It is the year 1968, and the world's greatest theoretical scientist, Hooker Hartley, and the world's greatest inventor, Helver Gunderson, have built a powerful rocket! Gunderson is our first person narrator, and he seems like a pretty enthusiastic, gung-ho kind of guy; check out this breathless sentence from the first paragraph of the story:
It was our purpose to explore outer space, to investigate the mystery of the cosmos, to solve the riddle of the fourth dimension, Time, and to reach that roof of heaven where, eighteen million light-years or more away, according to the best available data of mathematics, infinity curves and returns upon itself in a parabolic trajectory--to find the answer to the last question, in short, and the solution of the ultimate equation.
The entire story is like this--it is like the polar opposite of the elegant and sophisticated style employed by Elliott in "Sandra."

The plan is for Hartley, "the greatest scientific intelligence who ever lived!", to stay behind while Gunderson, who has Viking blood flowing through his veins (remember when that dude in that 1942 Henry Kuttner story had Viking blood flowing in his veins?), puts on his space helmet and flies to the very edge of the universe to "probe the final mystery!"

Before describing his trip, Gunderson reviews for us his life.  Born to abject poverty, by dint of intelligence and drive (remember that Viking blood!) he became a bazillionaire by inventing devices which revolutionized modern life (e.g., some kind of levitation device which means planes never crash, and a wrist TV.) He was befriended by suave upper-middle class genius Hartley, and got married to a gorgeous, haughty and intellectual Boston Brahmin named Nivea Saltonstall.  Gunderson worshipped Hartley and Nivea, and didn't realize that they only liked him for his money and were having an affair behind his back!

Gunderson's rocket blasts off at the speed of light, taking him to the edge of our universe, and beyond, to a universe which is a mirror image of our own, where time flows backward and Earth is called Thrae.  On Thrae he meets Mara, a woman who loves him for himself, and there he lives for fourteen years, making with Mara a happy family.  Then, in a way I couldn't understand, he looks back on Earth through a telescope ("which looks into the future, which is their past"), and sees Nivea cheating on him with Hartley.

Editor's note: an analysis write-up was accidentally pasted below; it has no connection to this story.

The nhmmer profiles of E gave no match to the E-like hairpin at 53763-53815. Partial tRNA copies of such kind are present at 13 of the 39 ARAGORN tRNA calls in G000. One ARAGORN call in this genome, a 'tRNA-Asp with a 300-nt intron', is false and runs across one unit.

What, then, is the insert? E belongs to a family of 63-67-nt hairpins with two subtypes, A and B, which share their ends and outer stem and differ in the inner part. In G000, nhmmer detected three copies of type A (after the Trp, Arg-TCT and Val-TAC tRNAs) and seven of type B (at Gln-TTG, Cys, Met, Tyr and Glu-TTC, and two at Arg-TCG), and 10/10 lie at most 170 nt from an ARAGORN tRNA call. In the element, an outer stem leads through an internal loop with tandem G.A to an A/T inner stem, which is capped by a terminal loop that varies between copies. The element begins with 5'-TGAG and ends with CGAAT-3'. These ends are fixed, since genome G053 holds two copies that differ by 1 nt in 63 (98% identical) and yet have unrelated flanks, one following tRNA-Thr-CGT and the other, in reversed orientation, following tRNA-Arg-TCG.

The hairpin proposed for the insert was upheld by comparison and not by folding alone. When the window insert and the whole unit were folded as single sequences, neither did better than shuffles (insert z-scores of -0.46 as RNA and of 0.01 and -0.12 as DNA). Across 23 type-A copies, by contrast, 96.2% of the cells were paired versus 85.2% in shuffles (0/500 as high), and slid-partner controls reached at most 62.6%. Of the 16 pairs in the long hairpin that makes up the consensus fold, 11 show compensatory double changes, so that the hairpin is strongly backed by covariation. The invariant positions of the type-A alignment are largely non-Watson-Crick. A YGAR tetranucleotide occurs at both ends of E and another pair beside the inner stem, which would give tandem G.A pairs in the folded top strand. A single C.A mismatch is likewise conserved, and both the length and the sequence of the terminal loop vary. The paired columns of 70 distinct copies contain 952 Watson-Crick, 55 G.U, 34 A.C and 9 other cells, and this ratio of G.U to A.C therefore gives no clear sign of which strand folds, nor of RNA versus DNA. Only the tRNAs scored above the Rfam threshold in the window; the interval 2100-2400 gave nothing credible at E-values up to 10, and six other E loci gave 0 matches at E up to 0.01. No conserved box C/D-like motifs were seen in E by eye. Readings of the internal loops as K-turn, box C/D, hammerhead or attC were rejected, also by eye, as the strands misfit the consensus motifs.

Instead of just shrugging this off, seeing as he hasn't seen Nivea for fourteen years, has been unfaithful to her, and has a fulfilling life on Thrae, Gunderson flies back to Earth.  His flight back to Earth is also a flight back in time (I couldn't grok this part either), and he lands on Earth a millisecond after he took off, in the same exact spot. Hartley and Nivea think he hasn't left yet, and when Gunderson climbs out of the rocket, they ask if he has forgotten something.

Gunderson bashes open Hartley's skull with a wrench, crushing "the greatest brain that ever lived," and then strangles Nivea to death. When the cops come they don't believe Gunderson's story about going to another universe; they think he is off his rocker.  With Hartley dead, and Gunderson imprisoned and deemed insane, we are to believe that there will never be another interstellar rocket, and that the answer to the ultimate mystery will only ever be known to one broken-hearted man.

The science in this story is crazy and incredible, as is the way Gunderson behaves, but the over-the-top plot and style have a sort of garish charm.  Maybe this is what Ed Gorman is talking about when he says that Rogers delivers "the strong heady thrill of genuine pulp."  Numerous passages had me shaking my head or laughing as Rogers veered in and out of "so bad it is good" territory (or is it Gunderson veering in and out of "I'm a maniac" territory?)  Rogers's portrayal of how the decadent upper crust (Nivea and her father disdain work and have run out of money just before meeting Gunderson) and the conniving intelligentsia take advantage of a nouveau riche working-class striver is also interesting.

I'm going to slot "Beyond Space and Time" in the "entertaining curiosity" category and give it a thumbs up.


The Deming was basically a dud, but the Elliott was a mature piece of literature and the Rogers was a gonzo thrill ride.  Reading new authors paid off this time.  I'm planning on reading stories by authors unfamiliar to me in Volume 2 of A Treasury of Great Science Fiction in the near future.